Taboo Or Not Taboo? That Is The Question.

I am going to get straight to the point and say nothing is taboo in Theatre. There I said it. Of course everyone has a different opinion on what is meant by taboo and what they believe falls under this label. The Oxford Dictionary’s Online definition is as follows:

“A social or religious custom prohibiting or restricting a particular practice or forbidding association with a particular person, place, or thing.”

One of the flaws in this definition is it states that it’s social or religious custom that is the cause of something been perceived as taboo, this implies it’s one or the other. Surely, it could be in some cases a mixture of both. This combination has been implemented from a less accepting society that existed previously, whose ripple effect can still be felt unfortunately today.

Shock tactic, publicity stunt, yes we have all heard those terms when there is nudity in a play. But why is nudity still termed by many as taboo? People are naked all in the time in their own home (ok maybe not all the time unless you are a naturist) so if a play has for example a nude scene set in ones home, as in the case of Kevin Eylot’s wonderful play My Night With Reg the character of John shows full frontal nudity, this is actually rather realistic. Let me point out too without going in to detail of the plot,that nudity was a metaphor for being exposed and secretly afraid.

Religion will inevitably be blamed for being the cause of taboo subjects but it’s as I previously described it’s a mixture of religious and social customs. In the case of sexual intimacy on stage, I don’t believe religion would be the reason if it perhaps being seen as pornographic, this would be more down the social customs that sex happens behind ‘closed doors’. But sex and nudity are a normal part of life that have to be included in some form in theatre.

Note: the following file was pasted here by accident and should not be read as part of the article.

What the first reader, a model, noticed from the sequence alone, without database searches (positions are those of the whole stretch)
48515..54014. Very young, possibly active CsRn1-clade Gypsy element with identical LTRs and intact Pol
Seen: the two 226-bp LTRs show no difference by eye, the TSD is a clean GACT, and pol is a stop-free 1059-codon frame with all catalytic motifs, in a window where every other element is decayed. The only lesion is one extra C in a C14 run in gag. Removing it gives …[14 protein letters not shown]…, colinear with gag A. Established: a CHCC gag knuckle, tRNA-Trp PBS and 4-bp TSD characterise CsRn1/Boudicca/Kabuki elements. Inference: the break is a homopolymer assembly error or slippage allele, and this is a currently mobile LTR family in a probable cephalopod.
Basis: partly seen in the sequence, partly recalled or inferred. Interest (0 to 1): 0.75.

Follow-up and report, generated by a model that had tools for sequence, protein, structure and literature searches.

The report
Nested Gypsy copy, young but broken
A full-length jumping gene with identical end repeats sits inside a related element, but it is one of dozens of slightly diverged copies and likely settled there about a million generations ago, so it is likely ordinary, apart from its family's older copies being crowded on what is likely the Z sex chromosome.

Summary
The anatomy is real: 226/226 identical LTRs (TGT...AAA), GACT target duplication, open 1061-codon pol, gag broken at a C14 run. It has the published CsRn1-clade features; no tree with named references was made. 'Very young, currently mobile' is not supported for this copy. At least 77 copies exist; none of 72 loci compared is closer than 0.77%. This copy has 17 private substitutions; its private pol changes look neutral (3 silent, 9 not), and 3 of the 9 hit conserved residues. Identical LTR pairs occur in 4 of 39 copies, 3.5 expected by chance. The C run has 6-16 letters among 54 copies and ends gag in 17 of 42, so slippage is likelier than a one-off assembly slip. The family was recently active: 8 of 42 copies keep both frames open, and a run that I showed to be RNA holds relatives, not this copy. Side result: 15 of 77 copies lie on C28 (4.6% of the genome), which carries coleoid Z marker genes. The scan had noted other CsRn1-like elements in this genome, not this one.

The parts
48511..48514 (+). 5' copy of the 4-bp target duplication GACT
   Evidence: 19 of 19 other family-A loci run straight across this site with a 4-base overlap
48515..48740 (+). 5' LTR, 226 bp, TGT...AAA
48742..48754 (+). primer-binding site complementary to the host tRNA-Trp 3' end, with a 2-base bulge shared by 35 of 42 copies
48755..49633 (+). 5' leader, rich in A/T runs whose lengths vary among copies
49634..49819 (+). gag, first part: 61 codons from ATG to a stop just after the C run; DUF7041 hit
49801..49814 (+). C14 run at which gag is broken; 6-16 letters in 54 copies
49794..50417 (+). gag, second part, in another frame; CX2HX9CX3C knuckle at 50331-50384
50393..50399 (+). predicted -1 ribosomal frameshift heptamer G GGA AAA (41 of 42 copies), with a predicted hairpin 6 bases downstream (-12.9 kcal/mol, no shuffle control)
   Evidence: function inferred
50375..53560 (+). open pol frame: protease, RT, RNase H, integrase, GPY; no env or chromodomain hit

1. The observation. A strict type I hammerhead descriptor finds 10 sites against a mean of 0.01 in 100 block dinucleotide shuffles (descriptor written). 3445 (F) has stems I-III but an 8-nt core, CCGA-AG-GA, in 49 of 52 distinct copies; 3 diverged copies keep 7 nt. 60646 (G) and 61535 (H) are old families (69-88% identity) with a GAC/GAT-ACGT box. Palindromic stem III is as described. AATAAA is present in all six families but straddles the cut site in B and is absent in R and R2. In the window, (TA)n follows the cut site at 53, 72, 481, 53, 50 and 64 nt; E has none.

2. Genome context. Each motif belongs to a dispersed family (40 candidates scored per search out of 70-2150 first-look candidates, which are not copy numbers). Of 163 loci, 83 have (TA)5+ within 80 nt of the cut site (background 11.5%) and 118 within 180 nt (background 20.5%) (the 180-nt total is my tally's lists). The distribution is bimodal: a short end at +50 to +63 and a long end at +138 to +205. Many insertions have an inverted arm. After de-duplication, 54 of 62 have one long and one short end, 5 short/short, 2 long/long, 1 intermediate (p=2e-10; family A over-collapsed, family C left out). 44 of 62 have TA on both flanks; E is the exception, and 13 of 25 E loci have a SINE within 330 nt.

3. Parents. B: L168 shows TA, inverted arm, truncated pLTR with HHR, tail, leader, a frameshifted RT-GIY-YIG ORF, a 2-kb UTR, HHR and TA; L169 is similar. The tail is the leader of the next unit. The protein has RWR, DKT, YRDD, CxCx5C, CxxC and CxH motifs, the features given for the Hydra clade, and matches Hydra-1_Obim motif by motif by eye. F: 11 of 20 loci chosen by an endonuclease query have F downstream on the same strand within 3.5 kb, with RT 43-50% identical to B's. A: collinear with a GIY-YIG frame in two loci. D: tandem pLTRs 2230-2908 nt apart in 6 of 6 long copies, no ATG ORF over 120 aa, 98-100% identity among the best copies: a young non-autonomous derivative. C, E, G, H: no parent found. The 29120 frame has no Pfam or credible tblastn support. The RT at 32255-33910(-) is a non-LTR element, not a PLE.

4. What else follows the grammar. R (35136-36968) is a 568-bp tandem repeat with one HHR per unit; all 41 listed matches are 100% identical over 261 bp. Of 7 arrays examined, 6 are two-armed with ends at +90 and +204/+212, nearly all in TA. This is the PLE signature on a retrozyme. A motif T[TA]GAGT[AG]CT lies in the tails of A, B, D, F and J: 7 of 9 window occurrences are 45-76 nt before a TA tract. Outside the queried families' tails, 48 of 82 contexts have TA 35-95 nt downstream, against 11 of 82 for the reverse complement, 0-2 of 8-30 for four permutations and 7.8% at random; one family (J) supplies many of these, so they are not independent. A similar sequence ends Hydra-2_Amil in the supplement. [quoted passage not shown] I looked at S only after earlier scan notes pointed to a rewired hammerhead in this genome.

When I see a character on stage taking drugs ( prop ones), I as an audience member and as a reviewer, realise this is part of the plot. Even though this character taking drugs is integral to the plot and how their life has descended in to something quite bleak, there would have been more distaste for this characters cosumption of illegal substances. There will still be inevitably an uneasiness from certain audience members, but I feel gritty plot devices are honoured more by the audience in recent times, who realise they are not condoning something simply by watching a piece of theatre.

Theatre is ultimately where stories are told and feelings are expressed. This setting is where an audience have chosen to come and watch that particular piece of theatre. If something is extremley offensive to them or they find distasteful they are free to leave the theatre although the price of the ticket they have bought could hinder that decision. In the same way, if someone is doing something in the street such as preaching beliefs you do not agree with you do not have to listen you can walk away. 

The word taboo I believe is still not a word that exists in the theatrical dictionary. Audiences will always have differing opinions on certain subjects, but isn’t this what makes theatre so exciting?






2 thoughts on “Taboo Or Not Taboo? That Is The Question.

  1. Interesting question, tabboos. I’m pretty much in agreement with you, but it’s tough: I think there is a line most people draw as to when performance goes ‘too far’. Obviously everyone’s line is different, so the question becomes: if the performers are willing to do it, is it too far?

    I’m reminded of a conversation I was having with a student last week, about where the line exists between theatre and performance art (unsurprisingly, we couldn’t find it!) One of the big topics we talked around was the real and the represented (or simulated). So, for example, a performance artist might not be happy to show fake violence: that would be anathema. In the theatre, though, audiences would be horrified to know that an actor is really hurting, or bleeding, or whatever.